At Mend, we’re constantly reading stories about heartbreak, listening to how you mend, and paying attention to all the advice out there on how to recover from a breakup. We know that after a while, it’s hard to tell what’s cliche and what needs to be said, which is why our Facebook group for Menders is such a special part of our community. We know what the cliches are, and it’s a space where we can avoid them. Sometimes cliches are genuinely helpful, and sometimes the people trying to help miss the mark completely.
“Just get over it.”
Thank you so much for this groundbreaking expert advice! Why didn’t we think of that? Sarcasm aside, this is terrible advice and a very unfortunate cliche. Clearly, if we could “just get over it,” we would. This is a pretty insensitive thing to say, and don’t be afraid to tell that to the person who offers that tip. There is no magic pill, but our blog post “How to Get Over Your Ex” is a good place to start. Also, check out Elle’s post-breakup tips in The Chalkboard Mag, “I’ve Been Through Nine Breakups, Here’s What I’ve Learned.”
“Time heals all wounds.”
What a brand new concept! If we had a minute for every time we’ve heard this one, maybe enough time will have passed to finally get over the breakup. Right? Apparently, that’s how it works, according to everyone. In reality, time does not heal all wounds. If you take away everything that helps you recover and only leave time, you will definitely not recover. Mending is absolutely not a passive process that only takes time, it takes a whole lot of action. Action takes time, so in that sense, yes, it takes time to heal. Time itself, however, does not do the healing.
“Love yourself first.”
We already do love ourselves, thank you very much. We also happened to love this other person and are having a difficult time learning how to stop loving them. Loving ourselves doesn’t magically make the love we have for someone else go away. We know this cliche essentially means that you should not rely on love from other people to make you feel whole, but rather, love within yourself should make you feel whole. While that is absolutely true, this cliche offers no practical tips on what loving yourself actually means or looks like, or why it’s necessary. Simply telling someone to love themselves will make a confident person roll their eyes and an insecure person even more insecure.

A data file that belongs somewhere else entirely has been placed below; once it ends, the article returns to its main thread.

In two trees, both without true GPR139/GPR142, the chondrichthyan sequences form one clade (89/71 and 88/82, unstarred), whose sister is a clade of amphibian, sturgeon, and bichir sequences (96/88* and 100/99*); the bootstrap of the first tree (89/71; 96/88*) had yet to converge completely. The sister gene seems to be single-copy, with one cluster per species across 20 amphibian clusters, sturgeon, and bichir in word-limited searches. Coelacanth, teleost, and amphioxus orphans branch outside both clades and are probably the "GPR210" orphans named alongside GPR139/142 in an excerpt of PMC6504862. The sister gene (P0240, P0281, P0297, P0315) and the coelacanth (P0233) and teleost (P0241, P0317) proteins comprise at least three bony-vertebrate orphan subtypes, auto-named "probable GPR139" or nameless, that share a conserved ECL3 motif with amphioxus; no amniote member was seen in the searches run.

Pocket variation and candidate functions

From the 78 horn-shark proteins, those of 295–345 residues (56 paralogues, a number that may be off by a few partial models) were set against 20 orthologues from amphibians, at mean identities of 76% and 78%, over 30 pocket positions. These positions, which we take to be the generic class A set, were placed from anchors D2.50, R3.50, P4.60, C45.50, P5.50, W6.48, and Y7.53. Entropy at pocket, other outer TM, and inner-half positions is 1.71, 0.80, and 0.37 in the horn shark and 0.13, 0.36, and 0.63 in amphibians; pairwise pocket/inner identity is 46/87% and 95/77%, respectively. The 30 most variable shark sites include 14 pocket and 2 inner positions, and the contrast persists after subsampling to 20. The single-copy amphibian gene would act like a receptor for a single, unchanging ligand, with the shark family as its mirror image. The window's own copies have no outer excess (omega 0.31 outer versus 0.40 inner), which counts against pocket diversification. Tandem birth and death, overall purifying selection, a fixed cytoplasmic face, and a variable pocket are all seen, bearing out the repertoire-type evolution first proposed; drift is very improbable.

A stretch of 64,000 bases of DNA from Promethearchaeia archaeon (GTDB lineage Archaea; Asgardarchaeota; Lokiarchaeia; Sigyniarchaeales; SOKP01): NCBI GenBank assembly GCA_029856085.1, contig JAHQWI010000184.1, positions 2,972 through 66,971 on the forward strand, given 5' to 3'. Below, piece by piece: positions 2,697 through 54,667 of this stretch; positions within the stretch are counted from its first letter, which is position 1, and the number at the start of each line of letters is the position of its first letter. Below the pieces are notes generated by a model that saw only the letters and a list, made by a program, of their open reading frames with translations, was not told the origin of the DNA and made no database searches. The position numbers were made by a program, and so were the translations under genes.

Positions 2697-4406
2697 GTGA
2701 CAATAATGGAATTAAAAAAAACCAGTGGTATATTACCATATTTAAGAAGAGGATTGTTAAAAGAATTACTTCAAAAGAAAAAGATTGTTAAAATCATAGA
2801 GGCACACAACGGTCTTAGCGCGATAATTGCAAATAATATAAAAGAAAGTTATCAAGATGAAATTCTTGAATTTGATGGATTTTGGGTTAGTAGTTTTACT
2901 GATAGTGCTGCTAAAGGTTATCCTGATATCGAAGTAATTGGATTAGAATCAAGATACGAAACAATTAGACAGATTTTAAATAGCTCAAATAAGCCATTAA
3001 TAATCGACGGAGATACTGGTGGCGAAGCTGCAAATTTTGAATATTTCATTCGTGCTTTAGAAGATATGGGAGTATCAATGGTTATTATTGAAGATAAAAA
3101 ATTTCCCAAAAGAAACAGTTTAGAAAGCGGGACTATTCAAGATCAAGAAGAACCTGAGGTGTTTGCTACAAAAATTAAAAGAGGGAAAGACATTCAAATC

“If it’s meant to be it will be.”
The implication with this cliche is that you need time apart “right now” to “work on yourselves” but in the end “if it’s meant to be it will be.” While this cliche may be true, it’s essentially telling us that it’s okay to hold on to hope for a future reunion because maybe they will come back. This is super unhealthy. It is nearly impossible to mend while also holding on to the hope of getting back together.
“I never liked them anyway.”
While this cliche is meant to be funny or lighthearted, it just makes us want to defend our ex, which means we have to think about all the amazing qualities our ex did have. One of the many perks of seeing a therapist is that they can’t insert their opinions on your ex because they never met!
“Focus on yourself.”
Similar to the “do self care” cliche, this is perhaps the only helpful one. This heartbreak is a time for reflection, growth, and transformation and those all occur within yourself. So, focus inward. You will learn more about yourself every day if you keep a journal and learn to process your thoughts and emotions. Figure out who you are without your ex, what you like, what you don’t like, try new things, meet new people, journal, exercise, meditate, find a hobby, read. What a wonderful time to explore your own mind! Here are 22 tips on how to practice self care.
Sometimes we don’t actually want advice, we just want our thoughts to form verbal words. Check out How to Comfort a Friend Who’s Heartbroken. It’s important to tell your loved ones what you need: advice, a listening ear, opinions, or other. They mean the best.